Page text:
Artist and fisher chronicles life on one of the last southern New England trap fishing boats
Corey Wheeler Forrest is a third-generation fisherwoman. Her family owns the last trap fishing business in southern New England. Forrest loves the work and quite often is taken aback by the beauty she sees out on the open water.
Several years ago, she started taking pictures of her surroundings, her family and the tools of her trade, and then posting them on Instagram. Now 30 of those pictures are included in the new exhibition "Fish & Forrest: Through the Lens of a Commercial Fishermom,” now on view at Mystic Seaport’s Meeting House.
During fishing season, Forrest and her brother, 76-year-old father and quite often her daughter get up early, load up their boats and head out to one of several traps in nearby waters. Their way of life was the subject of a 2019 documentary by Hudson Lines called “The Last Trap Family.”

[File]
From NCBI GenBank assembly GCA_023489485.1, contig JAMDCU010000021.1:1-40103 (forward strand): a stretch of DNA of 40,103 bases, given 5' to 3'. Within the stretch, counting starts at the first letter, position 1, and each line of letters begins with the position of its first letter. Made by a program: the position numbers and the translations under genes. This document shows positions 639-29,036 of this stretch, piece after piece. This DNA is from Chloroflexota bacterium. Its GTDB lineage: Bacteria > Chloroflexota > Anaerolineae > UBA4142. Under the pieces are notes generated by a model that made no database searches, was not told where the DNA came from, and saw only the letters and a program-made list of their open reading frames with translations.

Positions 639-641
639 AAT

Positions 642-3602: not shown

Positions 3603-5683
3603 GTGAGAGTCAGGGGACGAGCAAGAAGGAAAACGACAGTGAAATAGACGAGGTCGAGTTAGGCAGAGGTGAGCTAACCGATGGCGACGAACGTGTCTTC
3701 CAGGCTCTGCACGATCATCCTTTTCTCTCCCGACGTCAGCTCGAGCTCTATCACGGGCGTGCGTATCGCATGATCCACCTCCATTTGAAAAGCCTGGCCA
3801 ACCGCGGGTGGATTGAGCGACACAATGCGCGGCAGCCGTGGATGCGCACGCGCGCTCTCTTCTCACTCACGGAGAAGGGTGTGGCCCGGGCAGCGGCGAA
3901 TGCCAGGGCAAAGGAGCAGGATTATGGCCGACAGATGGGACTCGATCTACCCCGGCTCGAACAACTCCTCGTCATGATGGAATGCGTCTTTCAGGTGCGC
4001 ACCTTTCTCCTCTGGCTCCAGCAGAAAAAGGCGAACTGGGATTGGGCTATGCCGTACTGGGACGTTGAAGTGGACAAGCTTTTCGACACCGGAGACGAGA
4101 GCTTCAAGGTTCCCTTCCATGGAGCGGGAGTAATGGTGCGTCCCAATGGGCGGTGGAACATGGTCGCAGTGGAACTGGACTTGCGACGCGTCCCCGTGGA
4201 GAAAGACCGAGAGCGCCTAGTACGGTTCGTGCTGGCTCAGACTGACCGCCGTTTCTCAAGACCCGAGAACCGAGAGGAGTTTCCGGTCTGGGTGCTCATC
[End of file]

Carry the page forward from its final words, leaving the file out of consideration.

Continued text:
Forrest said there is something about her line of work that lends itself to photography.
“Because all of the elements are there,” explains Forrest. “The early-morning golden light, the salty characters I work with, we have the nets, rust, all of the colors just come together.”
But Forrest said photography and commercial fishing often conflict. She guesses that because of her work on the boat, she misses more chances to take a great picture than she makes.
“Fishing can be a grind, it can feel like “Groundhog Day” every day, but then again it’s also so different,” Forrest said. “We’ve gotten caught out there in lightning storms, and gales come through with hurricane-force winds, and then it’s over five minutes later and there’s a rainbow. It’s just beautiful. It’s magical.”
"Fish & Forrest: Through the Lens of a Commercial Fishermom” is on view at Mystic Seaport’s Meeting House through the summer.